I don't see the chances of possibly saving 1 life as reason enough to definitely take another


You stated something, and now 4 pages later you state I have a narrative?

I was first shocked that you were so insensitive with your original comment. 4 pages later I point out every inconsistency in your story, but it is still me that is WRONG.

#175 hoagie

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Posted 19 November 2012 - 02:27 PM

No one is right or wrong. Joker is very pro-life PERSONALLY ( but believes everyone has a right to murder their own fetus i they choose). He also would not perform an abortion to save a mothers life if he were a doctor.

Thats clear enough i think.

#176 concert andy

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Posted 19 November 2012 - 02:40 PM

No one is right or wrong. Joker is very pro-life PERSONALLY ( but believes everyone has a right to murder their own fetus i they choose). He also would not perform an abortion to save a mothers life if he were a doctor.

Thats clear enough i think.


I know how he feels, but to ask rhetorical questions in response to a question, that just furthers the argument.

#177 concert andy

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Posted 19 November 2012 - 02:55 PM

No one is right or wrong. Joker is very pro-life PERSONALLY ( but believes everyone has a right to murder their own fetus i they choose). He also would not perform an abortion to save a mothers life if he were a doctor.

Thats clear enough i think.


Oh snap, you are trying to make Joker Mad, you wont like joker when he is mad.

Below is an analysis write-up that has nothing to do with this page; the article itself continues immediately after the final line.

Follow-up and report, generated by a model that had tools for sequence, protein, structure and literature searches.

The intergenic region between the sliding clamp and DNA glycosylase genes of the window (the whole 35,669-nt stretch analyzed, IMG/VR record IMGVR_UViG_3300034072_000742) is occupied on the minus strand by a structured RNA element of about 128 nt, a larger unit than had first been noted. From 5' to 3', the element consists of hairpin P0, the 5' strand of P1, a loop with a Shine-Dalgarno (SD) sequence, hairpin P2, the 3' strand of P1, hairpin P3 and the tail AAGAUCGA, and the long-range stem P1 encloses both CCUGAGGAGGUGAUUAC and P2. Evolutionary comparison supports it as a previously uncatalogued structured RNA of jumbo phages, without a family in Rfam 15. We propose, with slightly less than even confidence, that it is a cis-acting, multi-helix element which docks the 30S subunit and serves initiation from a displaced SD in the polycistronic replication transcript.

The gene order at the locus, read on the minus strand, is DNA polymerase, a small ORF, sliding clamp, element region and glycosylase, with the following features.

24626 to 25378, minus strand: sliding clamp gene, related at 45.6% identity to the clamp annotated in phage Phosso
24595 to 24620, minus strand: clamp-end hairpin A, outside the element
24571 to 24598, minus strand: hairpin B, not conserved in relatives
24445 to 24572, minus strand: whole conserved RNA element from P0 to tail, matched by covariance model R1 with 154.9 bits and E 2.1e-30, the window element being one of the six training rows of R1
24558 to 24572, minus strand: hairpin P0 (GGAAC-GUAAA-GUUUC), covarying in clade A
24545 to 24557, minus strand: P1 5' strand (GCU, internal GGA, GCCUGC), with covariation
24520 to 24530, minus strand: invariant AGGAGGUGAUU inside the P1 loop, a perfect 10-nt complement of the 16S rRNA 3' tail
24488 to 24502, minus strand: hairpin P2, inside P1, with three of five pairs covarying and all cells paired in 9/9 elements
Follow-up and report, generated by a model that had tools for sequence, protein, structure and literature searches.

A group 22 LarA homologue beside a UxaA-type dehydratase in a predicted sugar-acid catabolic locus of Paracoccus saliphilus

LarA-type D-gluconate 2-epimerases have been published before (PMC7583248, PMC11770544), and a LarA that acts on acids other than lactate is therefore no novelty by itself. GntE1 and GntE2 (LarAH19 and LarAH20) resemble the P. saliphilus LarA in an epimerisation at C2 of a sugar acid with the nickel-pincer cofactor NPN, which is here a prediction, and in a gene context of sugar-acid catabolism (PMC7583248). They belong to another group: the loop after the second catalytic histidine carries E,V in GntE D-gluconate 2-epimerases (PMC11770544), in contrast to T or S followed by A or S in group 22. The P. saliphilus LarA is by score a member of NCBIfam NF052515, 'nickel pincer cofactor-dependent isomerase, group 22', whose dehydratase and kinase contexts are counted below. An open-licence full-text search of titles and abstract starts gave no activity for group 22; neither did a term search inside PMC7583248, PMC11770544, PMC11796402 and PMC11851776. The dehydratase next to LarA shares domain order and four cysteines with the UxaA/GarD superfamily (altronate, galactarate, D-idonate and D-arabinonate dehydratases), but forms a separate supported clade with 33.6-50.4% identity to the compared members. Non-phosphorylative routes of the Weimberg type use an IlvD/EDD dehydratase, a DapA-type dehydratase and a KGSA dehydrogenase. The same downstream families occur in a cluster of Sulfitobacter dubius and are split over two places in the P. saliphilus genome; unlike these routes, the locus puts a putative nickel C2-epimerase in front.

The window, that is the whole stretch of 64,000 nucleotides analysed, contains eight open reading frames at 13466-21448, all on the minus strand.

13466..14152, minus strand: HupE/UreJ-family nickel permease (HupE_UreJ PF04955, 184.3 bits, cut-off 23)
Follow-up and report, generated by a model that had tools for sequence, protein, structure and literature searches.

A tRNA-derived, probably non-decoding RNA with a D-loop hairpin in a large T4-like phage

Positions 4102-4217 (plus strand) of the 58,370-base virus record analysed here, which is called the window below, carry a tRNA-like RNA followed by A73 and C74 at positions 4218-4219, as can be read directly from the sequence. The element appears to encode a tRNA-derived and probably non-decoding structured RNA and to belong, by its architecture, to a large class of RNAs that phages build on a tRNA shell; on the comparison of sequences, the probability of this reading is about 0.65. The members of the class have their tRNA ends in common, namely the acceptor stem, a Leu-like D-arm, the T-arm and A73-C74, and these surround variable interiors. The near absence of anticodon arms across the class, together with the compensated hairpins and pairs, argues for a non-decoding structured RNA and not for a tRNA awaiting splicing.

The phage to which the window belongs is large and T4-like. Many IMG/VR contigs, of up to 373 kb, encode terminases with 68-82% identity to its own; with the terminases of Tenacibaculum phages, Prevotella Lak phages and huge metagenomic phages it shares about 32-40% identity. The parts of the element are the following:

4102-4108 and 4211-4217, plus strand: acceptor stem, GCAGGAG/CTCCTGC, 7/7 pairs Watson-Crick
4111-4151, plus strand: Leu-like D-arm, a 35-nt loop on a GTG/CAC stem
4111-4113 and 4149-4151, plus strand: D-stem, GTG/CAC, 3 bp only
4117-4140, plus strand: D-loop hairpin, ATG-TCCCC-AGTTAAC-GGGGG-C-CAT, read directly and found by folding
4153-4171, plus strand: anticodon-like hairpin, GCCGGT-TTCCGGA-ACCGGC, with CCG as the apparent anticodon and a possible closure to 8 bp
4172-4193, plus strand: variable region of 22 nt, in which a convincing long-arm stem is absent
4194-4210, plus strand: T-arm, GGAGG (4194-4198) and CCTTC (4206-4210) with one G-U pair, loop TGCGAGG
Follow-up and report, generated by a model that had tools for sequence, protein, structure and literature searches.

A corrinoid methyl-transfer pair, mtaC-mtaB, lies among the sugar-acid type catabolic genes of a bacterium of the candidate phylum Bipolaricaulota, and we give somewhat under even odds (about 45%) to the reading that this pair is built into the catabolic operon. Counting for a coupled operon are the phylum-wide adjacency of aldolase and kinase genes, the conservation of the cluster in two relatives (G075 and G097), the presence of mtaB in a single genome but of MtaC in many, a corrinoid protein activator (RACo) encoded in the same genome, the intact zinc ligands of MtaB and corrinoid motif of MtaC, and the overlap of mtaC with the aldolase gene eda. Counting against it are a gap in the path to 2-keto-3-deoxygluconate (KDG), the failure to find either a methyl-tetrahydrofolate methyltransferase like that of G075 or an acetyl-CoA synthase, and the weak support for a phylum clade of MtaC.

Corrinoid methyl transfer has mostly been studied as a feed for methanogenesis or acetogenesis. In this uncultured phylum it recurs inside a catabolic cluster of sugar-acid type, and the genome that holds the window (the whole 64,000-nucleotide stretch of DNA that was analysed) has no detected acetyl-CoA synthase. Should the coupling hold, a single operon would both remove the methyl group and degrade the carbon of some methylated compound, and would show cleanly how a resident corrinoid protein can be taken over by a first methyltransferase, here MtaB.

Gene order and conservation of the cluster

#178 Joker

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Posted 19 November 2012 - 03:19 PM

I have no problem at all owning my opinion. Where have I not owned it? What inconsistencies have there been?

#179 hoagie

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Posted 19 November 2012 - 03:25 PM

I have no problem at all owning my opinion. Where have I not owned it? What inconsistencies have there been?


I own my opinion by boldly stating it in a way that cant be misunderstood,. Maybe uou can follow that example.

#180 Joker

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Posted 19 November 2012 - 03:48 PM

I own my opinion by boldly stating it in a way that cant be misunderstood,. Maybe uou can follow that example.

You mean like this?


Nope but I don't see the chances of possibly saving 1 life as reason enough to definitely take another


Which, by the way, was a reply to you in regards to a question I asked that you didn't bother answering.

#181 hoagie

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Posted 19 November 2012 - 03:52 PM

So dont get offended when i say you remind me of my grandpa, and own your outdated and frankly narrowmided opinion.

Honestly, its nice that people can't live forever. Mindsets like my grandpa's and yours are dying out, and its a good thing for everyone.

#182 Tim the Beek

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Posted 19 November 2012 - 04:01 PM

...it in a way that cant be misunderstood,. Maybe uou...


um...

:funny1:

#183 concert andy

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Posted 19 November 2012 - 04:19 PM

I have no problem at all owning my opinion. Where have I not owned it? What inconsistencies have there been?


The inconsistency is with your original comment, and your actual feelings on the issue.